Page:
One of Herbert Hoover's troubles, remembered Associated Press bureau chief Byron Price, was that he was "quite inept at politics." 1 that, Price meant that Hoover was a political neophyte, who found it difficult to negotiate distasteful but necessary compromises and to perpetuate the usual daily deceptions endemic to public office. Hoover was a businessman and an organizer, whose true genius lay in his quiet ability to succeed at arduous tasks where others failed. He developed an engineering career and a record of accomplishment in government on his own, accepting challenges that others brought to him but never pursuing public power and prestige to satisfy his own ego.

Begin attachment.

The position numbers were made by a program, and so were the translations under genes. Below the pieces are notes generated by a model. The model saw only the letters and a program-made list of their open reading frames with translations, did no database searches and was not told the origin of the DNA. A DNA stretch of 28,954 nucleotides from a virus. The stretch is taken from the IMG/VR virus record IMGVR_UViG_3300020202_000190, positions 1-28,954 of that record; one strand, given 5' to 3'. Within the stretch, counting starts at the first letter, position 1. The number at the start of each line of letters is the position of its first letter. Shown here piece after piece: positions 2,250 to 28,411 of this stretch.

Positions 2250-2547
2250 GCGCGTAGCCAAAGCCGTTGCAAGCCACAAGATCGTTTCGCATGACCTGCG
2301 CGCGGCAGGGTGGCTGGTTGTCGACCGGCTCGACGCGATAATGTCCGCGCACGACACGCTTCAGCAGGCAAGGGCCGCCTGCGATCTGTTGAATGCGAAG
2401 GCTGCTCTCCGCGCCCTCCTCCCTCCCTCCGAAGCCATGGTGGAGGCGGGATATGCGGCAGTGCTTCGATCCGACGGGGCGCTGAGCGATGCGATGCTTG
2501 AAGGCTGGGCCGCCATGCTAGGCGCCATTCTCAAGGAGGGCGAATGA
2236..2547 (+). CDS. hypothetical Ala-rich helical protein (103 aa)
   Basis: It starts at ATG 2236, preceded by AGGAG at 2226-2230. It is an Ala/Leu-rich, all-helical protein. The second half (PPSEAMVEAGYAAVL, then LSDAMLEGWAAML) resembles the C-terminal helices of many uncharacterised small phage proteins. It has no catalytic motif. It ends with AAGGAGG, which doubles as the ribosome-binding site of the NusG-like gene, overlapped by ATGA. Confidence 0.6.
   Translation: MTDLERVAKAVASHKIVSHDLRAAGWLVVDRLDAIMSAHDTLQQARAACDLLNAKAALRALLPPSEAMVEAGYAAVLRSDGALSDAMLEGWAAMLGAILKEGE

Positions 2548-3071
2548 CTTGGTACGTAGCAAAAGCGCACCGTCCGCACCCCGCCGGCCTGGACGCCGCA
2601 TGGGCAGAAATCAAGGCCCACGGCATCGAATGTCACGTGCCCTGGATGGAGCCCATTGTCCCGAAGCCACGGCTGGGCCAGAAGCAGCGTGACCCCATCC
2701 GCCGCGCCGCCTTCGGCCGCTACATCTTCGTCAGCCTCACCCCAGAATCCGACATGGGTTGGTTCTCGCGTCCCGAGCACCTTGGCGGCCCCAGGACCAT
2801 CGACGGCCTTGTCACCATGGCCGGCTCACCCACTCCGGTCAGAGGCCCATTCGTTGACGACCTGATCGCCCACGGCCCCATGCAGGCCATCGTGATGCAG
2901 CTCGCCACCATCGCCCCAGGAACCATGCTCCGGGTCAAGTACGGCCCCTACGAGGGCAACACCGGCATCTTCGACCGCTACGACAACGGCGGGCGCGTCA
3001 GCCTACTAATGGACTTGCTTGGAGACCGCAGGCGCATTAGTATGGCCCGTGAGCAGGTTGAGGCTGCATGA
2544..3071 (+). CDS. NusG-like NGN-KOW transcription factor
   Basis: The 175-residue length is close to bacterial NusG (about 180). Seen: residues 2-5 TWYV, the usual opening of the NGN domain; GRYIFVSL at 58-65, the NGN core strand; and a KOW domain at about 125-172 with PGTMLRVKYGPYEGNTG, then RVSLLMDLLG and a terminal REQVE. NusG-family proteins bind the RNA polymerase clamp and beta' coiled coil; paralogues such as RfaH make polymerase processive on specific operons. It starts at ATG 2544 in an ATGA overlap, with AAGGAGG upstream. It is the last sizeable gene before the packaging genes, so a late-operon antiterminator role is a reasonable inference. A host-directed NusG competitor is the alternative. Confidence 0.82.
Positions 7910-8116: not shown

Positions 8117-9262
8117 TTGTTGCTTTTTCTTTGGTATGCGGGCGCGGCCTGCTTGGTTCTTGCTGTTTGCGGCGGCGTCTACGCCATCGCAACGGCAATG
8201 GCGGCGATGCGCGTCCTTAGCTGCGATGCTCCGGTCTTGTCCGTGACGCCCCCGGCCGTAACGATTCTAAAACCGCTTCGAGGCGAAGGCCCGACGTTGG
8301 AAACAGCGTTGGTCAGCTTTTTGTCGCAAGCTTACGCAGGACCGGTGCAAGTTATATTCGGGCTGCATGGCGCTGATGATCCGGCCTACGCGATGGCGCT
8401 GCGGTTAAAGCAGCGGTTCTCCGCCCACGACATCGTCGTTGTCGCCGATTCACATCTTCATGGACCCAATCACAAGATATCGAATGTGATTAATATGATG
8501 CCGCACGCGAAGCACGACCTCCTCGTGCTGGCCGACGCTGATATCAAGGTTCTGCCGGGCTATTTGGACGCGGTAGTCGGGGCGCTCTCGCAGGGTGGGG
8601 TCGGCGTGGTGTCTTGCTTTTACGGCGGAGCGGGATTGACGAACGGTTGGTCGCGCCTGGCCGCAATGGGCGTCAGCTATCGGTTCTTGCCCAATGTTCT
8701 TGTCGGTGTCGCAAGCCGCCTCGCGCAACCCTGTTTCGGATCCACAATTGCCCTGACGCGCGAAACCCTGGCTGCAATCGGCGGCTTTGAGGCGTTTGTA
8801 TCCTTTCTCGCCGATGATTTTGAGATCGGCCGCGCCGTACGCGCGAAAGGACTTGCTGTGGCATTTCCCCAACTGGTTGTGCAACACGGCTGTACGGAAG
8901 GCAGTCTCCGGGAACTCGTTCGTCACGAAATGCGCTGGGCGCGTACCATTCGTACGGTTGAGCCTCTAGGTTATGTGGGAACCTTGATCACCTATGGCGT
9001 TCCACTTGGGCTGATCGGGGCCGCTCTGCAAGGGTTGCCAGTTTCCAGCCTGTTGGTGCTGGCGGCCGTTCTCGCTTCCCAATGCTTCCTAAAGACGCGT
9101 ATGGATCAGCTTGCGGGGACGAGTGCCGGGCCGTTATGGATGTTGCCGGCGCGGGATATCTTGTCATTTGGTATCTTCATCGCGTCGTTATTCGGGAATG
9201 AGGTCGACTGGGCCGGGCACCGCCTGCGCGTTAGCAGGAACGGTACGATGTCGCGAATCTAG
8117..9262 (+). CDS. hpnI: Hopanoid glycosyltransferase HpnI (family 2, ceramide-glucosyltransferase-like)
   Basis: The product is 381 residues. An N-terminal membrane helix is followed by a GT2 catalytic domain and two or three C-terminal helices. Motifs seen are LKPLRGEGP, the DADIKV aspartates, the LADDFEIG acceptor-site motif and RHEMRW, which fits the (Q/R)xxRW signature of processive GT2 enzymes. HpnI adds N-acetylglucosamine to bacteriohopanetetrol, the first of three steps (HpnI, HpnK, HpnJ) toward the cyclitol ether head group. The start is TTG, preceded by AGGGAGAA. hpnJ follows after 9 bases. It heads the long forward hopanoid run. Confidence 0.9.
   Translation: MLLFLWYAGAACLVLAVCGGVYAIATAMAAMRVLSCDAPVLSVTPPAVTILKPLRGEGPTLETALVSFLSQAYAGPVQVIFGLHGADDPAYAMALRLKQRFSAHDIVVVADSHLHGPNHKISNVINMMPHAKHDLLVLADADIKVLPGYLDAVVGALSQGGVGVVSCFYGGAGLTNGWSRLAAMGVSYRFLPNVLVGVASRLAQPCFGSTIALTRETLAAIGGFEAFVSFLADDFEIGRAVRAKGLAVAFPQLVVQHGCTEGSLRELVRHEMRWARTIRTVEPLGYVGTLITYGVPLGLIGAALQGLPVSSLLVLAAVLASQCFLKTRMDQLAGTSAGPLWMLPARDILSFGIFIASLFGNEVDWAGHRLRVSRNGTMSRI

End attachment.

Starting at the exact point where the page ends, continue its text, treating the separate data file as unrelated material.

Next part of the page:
But, as Price recognized, presidents in the twentieth century need to persuade just as successfully as they organize and analyze, and if Hoover gained popularity because he was not a politician, he lost favor for the same reason. For all his superior intellect, Hoover could not see that the world was changing and that he could not persuade an entire country by romancing publishers and by releasing a swarm of cooperative journalists to mold public opinion according to his dictates. To get his message to the country, he needed to be a politician, to influence and to persuade. This translated, in part, to getting along with the press corps and to using radio and newsreels effectively. That FDR could do this and